Why African Americans Should Care About Social Security

Black retirees and children are more dependent than other groups on Social Security, yet their voices are often unheard in the debate over reform.


Unemployment seems to be budging very little, especially for blacks, where it hovers around 15.7 percent. Millions of so-called baby boomers are nearing retirement. More people, not fewer, are relying on Social Security benefits, especially African Americans. And as President Obama and Congress begin the process of hammering out a budget for 2012, with standoffs about what to compromise on and looking ahead to the next five to 10 years, guess what's on the chopping block one way or the other? Social Security. Neither Obama nor his Republican opposition will say this out loud as they focus on their favorite projects or the election of 2012. But black people need to focus on longer-term issues that are at stake in this budget battle. Think Social Security.

The Joint Center for Political and Economic Studies warns African Americans to wake up and speak up, because their "dependence on the system is great." As the Joint Center notes in a report released this month, blacks rely heavily on those monthly Social Security checks. Indeed, in two of every five black households of retirees age 65 or older, Social Security is their only source of income.

Another alarming statistic: One of every five black children relies on Social Security because of retirement, death or disability of the primary household breadwinner. Children constitute a larger proportion of black Social Security beneficiaries (11.8 percent) than white beneficiaries (4.3 percent), the report said.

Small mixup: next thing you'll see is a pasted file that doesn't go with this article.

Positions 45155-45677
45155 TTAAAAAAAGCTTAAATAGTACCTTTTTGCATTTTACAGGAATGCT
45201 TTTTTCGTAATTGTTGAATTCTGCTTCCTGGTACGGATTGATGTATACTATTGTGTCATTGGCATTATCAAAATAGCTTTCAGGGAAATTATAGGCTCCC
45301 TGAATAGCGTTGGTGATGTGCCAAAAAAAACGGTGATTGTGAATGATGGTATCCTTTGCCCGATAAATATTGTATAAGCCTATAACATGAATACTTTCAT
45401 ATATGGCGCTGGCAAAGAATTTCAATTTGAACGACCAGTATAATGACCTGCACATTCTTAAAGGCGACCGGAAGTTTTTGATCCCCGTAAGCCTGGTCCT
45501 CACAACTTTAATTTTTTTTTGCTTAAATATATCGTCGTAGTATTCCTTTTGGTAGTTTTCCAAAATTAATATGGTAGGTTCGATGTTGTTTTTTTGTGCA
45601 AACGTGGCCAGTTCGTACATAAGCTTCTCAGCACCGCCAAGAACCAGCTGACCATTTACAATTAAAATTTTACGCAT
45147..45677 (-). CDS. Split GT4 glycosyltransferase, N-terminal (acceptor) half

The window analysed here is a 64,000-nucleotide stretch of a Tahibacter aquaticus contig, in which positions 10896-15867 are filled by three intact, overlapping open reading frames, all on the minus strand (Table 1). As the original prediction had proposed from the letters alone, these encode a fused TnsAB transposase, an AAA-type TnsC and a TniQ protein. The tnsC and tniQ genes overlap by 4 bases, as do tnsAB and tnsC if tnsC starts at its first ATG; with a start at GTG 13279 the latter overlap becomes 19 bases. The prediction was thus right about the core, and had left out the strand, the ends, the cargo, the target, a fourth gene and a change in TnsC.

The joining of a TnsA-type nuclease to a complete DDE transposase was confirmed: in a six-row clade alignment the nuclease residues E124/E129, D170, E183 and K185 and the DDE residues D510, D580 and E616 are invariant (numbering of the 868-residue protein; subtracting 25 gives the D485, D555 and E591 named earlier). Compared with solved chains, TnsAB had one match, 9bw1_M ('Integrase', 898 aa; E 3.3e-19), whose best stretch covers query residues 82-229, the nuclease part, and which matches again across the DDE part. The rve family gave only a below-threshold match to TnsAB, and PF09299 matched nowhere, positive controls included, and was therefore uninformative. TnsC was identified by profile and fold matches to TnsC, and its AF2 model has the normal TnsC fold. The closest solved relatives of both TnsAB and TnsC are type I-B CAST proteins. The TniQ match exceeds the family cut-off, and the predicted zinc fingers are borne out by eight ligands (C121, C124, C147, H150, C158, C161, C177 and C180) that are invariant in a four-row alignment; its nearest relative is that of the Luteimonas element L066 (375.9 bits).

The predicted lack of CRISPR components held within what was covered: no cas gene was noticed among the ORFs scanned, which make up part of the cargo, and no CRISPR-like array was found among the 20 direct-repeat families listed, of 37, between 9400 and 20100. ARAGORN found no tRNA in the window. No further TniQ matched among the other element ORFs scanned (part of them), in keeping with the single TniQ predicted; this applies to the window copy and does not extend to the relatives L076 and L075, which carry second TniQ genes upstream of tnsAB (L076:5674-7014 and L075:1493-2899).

Fewer Payers, More Recipients

Established under President Franklin Delano Roosevelt, the system was designed to rely largely on taxes paid by workers and their employers to provide benefits to workers and their families who lose income because of retirement, death or disability. But now, declining birth rates mean fewer people are paying into the system; increasing retirement of baby boomers (people born between 1946 and 1964) means more people claiming benefits; and longer life expectancies mean that those beneficiaries will rely upon Social Security for longer periods of time.

If nothing changes, even if current budget negotiations chip at the edges, there will be money for Social Security for at least 25 years, but the trimming can affect who qualifies for payouts and when. If, for example, the age for claiming benefits is raised to 70 or 75, a whole lot of blacks will lose out because they die sooner.

Obviously, something's got to give to put the nation's federal and state financial houses in order. Battle lines have been drawn in Washington about fiscal policy, with little hint of bipartisan compromise. Even before it was officially released, Republicans were already condemning the president's proposed $3.7 trillion 2012 budget as nothing more than a plan for spending, taxing and borrowing, while doing little to address the national debt. The president and his defenders point out that, among other things, he is proposing deep cuts in domestic programs that the Republican House budget plan would wipe out.

Obama's Painful Budget

"It would mean cutting things that I care deeply about, but if we're going to walk the walk when it comes to fiscal discipline, these kinds of cuts will be necessary," the president said on Feb. 14, in unveiling a budget that was no valentine to either the right or the left. At the news conference a day later, he said, "I definitely feel folks' pain."

The truth is that no one really wants to feel the pain, whether the issue is the big three entitlement programs -- Medicaid, Medicare and, especially, Social Security -- or delivery of municipal services. Just look at what's happening in the civil war under way in Wisconsin over public employee unions.